9. Earn additional income
Rather than dipping into savings or cutting expenses, you could try to make extra money with a side hustle. Some in-demand services include dog walking, pet sitting, and online tutoring. If working extra hours isn’t feasible, you might sell excess belongings like clothes or furniture you don’t use. Instead of an old-fashioned yard sale, using apps like Poshmark, LetGo, or OfferUp can expand your pool of potential buyers.
10. Transfer the loan to someone else
If you’re having trouble making even your basic car payments, the other options may not adequately address how to pay off a car loan quickly. A possible solution to your car debt could be getting someone else to take over your auto loan. Lenders willing to accommodate a transfer may adjust the contract terms for whomever you are transferring the loan to. It’s worth noting that this process requires making a title change for the vehicle.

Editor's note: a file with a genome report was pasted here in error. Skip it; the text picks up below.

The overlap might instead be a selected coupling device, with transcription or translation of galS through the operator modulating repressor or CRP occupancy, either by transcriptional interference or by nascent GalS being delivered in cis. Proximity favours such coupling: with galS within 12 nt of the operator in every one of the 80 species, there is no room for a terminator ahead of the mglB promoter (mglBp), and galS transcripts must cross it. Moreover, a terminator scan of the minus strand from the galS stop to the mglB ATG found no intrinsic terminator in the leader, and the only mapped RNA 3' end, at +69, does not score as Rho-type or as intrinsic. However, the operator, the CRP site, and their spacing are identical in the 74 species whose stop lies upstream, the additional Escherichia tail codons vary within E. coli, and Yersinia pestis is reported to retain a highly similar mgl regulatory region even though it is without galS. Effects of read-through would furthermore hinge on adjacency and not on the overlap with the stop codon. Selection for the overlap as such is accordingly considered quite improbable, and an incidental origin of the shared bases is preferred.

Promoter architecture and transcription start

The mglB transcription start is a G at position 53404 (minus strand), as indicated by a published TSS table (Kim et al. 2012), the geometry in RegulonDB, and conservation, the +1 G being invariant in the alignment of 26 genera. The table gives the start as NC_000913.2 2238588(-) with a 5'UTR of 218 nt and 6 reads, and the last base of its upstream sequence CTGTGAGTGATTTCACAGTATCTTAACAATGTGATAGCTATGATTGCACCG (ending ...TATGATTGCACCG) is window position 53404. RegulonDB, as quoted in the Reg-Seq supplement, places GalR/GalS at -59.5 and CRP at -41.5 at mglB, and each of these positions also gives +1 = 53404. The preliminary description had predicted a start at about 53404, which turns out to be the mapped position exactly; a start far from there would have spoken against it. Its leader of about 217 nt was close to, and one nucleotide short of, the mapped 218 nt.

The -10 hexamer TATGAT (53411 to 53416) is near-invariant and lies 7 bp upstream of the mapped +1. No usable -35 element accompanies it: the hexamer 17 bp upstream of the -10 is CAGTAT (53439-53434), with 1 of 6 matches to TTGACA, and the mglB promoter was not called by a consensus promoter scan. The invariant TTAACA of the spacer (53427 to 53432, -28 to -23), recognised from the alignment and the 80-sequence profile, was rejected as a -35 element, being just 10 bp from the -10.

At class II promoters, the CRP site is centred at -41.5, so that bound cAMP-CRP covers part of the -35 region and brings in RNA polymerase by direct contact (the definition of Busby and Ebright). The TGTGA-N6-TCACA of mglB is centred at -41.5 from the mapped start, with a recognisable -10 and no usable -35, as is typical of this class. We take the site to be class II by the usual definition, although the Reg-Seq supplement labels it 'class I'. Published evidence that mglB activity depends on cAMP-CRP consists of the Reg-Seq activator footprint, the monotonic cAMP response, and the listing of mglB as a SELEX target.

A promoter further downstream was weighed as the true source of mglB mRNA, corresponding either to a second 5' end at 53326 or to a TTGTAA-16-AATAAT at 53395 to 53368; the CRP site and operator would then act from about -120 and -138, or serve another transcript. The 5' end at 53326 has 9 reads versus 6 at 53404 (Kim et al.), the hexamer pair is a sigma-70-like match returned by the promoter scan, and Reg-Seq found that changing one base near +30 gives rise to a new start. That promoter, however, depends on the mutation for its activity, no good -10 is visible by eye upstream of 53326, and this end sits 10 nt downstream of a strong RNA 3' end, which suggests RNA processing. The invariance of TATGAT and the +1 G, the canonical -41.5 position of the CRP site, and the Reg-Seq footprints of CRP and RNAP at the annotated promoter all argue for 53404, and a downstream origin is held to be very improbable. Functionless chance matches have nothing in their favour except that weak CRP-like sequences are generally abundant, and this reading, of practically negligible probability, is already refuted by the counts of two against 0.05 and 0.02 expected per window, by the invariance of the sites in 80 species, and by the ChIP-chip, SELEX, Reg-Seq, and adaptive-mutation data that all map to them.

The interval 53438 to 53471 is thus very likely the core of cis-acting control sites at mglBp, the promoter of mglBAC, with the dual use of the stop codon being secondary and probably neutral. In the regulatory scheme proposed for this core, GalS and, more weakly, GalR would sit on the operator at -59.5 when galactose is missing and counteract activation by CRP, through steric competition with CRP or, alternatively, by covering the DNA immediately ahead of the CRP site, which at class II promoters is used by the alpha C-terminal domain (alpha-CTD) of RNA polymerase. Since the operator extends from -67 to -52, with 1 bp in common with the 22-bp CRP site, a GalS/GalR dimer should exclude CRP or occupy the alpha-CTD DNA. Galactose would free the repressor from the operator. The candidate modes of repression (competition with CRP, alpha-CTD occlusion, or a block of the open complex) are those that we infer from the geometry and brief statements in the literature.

Paying down your car loan faster takes work and discipline. Besides finding ways to chip away at your loan principal, you can also try refinancing your auto loan to secure a lower interest rate and shorter term. Refinancing may also let you set up smaller monthly payments over an extended term. And if you’re refinancing an auto loan with bad credit, you may still be able to get a new loan, though it can help to get a cosigner with better credit. Whatever makes the most sense for you, it’s essential to find a lender that will meet your needs.
Original source: Mediafeed.org